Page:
The story is, in some way, a potted gay history of a sort. The Wolfenden Report had just been held in committee and recommendations that homosexuality should be decriminalised had been put in place. The story covers this, as well as the Windscale disaster, which leads Simon to build a water powered turbine on the farm. As with Heddle’s previous work, Simon is beleaguered with many of the same problems that His Master’s Lover suffered from, one of the most annoying is the Dan Brown-esque obsession with telling us every single detail of national news in conversation and the narrator’s thought. Yes, you’ve done the research, Mr Heddle, I applaud that, but you need to learn that sometimes less is more.
There’s also a huge amount of OKHomo to contend with, as with his first book. This is set in the Lake District, in the 1950’s. A hard enough place to farm, even today, and filled with farmer more rugged and taciturn than anything even seen in Herriot’s vet books. To have everyone in the village accepting of the gay couple living openly together, fondling and kissing each other in the pub, (even once to the point of ejaculation) is errant bilge. No-one causes any problems for the husband, not even the wife, who left him. Somehow he had an amazingly quick divorce, too, which is entirely impossible. He’d had have to have waited five years and use desertion as his proof. There’s no way (as is actually suggested that he do) that Simon could put himself forward as “the other man,” and it’s this level of idiocy that marks Heddle’s work down, when he’s clearly done a lot of research on other matters. Simon’s brother loves the idea of their relationship and even wants to watch them at it, and finally his mother gives it the seal of approval. It’s all very jolly.
I have to say that “the wife is a bitch” trope didn’t work for me either. Simon met the wife once, and he’s constantly bitching about her throughout the book, when I have to say, I think she behaved a lot better than she need have done, in 1957.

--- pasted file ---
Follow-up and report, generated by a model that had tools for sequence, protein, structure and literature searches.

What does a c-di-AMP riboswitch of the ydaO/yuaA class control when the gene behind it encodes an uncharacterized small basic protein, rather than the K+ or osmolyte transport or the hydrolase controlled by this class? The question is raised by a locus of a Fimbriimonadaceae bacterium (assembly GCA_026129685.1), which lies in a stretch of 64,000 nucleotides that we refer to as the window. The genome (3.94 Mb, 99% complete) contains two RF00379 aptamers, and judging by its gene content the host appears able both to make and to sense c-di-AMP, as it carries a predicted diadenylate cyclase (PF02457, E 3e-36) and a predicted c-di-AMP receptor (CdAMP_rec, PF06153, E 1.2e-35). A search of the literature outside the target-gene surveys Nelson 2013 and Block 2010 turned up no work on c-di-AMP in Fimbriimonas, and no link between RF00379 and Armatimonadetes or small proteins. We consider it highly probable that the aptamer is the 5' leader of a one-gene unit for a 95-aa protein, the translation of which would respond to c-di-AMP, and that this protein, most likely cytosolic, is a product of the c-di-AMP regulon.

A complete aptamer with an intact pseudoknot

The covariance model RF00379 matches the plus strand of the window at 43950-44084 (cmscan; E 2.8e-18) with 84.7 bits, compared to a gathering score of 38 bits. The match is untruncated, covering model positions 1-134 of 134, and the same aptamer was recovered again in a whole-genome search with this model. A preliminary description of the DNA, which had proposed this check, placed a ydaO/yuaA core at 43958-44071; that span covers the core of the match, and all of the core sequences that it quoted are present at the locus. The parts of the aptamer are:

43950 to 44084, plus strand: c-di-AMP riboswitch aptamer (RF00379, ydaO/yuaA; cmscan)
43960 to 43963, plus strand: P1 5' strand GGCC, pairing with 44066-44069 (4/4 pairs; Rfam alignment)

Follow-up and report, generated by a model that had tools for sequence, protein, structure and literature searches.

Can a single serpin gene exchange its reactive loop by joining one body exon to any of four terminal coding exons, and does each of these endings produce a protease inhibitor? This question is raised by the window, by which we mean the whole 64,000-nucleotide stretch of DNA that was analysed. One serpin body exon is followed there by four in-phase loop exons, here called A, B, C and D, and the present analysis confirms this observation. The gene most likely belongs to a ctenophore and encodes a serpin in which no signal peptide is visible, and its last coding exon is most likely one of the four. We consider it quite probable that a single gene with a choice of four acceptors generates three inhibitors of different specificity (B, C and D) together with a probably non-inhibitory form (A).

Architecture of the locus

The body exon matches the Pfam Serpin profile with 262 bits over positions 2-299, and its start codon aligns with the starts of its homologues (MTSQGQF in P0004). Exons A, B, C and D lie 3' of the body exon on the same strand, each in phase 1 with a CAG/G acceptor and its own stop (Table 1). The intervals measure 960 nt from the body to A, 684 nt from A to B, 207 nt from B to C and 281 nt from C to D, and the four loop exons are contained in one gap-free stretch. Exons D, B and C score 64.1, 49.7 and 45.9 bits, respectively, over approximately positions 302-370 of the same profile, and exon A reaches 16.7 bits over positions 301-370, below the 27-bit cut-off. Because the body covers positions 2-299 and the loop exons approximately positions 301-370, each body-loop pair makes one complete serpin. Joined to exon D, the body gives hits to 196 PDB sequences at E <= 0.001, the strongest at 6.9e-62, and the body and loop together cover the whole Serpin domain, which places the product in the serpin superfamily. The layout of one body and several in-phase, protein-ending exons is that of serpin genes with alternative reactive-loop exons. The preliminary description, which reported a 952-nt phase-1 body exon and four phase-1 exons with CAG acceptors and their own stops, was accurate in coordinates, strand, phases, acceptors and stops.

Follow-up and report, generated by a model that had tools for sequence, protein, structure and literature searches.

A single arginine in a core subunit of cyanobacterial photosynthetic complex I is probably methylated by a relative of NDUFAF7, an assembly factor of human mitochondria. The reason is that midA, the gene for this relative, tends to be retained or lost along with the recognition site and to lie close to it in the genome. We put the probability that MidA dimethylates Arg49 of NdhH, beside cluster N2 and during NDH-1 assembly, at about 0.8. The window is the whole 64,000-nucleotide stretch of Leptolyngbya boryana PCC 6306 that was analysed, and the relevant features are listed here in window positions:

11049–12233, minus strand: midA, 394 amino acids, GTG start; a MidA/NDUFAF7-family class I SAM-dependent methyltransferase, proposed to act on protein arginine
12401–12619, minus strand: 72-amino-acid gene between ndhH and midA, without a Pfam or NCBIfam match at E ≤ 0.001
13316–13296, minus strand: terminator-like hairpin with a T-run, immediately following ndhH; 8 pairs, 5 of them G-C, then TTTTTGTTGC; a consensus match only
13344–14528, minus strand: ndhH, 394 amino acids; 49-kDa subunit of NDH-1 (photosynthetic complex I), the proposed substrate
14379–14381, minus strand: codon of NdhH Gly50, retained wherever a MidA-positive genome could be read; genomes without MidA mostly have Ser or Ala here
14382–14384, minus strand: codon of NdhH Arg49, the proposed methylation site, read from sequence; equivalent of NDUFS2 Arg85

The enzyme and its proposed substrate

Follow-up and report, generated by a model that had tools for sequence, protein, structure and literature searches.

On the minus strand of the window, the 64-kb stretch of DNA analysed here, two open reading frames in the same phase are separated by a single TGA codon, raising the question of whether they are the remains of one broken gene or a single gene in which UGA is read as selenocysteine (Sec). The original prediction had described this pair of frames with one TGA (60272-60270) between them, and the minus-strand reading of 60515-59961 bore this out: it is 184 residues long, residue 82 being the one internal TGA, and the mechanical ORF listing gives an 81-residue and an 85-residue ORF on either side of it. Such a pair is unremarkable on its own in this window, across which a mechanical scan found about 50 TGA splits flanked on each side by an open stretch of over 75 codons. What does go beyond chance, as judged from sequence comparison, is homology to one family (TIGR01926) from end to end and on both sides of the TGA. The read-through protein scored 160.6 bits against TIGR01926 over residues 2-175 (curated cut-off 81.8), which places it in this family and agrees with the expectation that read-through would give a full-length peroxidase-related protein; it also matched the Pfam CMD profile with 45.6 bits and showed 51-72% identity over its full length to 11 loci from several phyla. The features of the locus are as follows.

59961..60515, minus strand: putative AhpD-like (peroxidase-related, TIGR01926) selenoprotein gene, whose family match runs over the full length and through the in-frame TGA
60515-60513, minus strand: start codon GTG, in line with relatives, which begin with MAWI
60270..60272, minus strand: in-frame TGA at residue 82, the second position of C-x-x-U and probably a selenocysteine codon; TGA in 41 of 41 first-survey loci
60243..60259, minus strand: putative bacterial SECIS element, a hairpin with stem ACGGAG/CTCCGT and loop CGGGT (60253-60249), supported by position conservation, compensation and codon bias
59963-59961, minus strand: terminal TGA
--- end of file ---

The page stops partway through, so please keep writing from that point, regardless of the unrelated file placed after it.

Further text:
I’ll mention the sex, not because I think that all gay books should necessarily have sex in them, but this marks itself as a “deeply erotic novel”, which I’m sad to say, it really isn’t. The sex scenes are vague, very short and consist basically of a lot of shouting of dialogue like “Oh yes, fuck me harder, oh yes, I’m coming,” which is not erotic at all. There’s no description, no depth of sensation and if you wanted a one-handed read, which you’d be right in thinking this is, you’d be disappointed.
There are some really odd things in the book: a peculiar old fortune teller called Madam Clair Voyante, who, for the life of me I cannot see the point of; a repeated plot line used in His Master’s Lover of a treasure trove that fizzled out and went nowhere and many plot based editing errors such as a car pulling up in one chapter, but in the next, it hasn’t arrived yet.
It’s a shame, because I have to be honest, this is a much better book than His Master’s Lover. I put the blame on the fact that it’s published by a Vanity Press and despite their assurances that editing is important to them, it’s clear to me that it’s not. Granted there are few typos that I noted, but in the hands of a real editor, this book could have been quite good. It needed the bloated dialogue reduced, the Dan Browning taken out and the OKHomo squashed at source.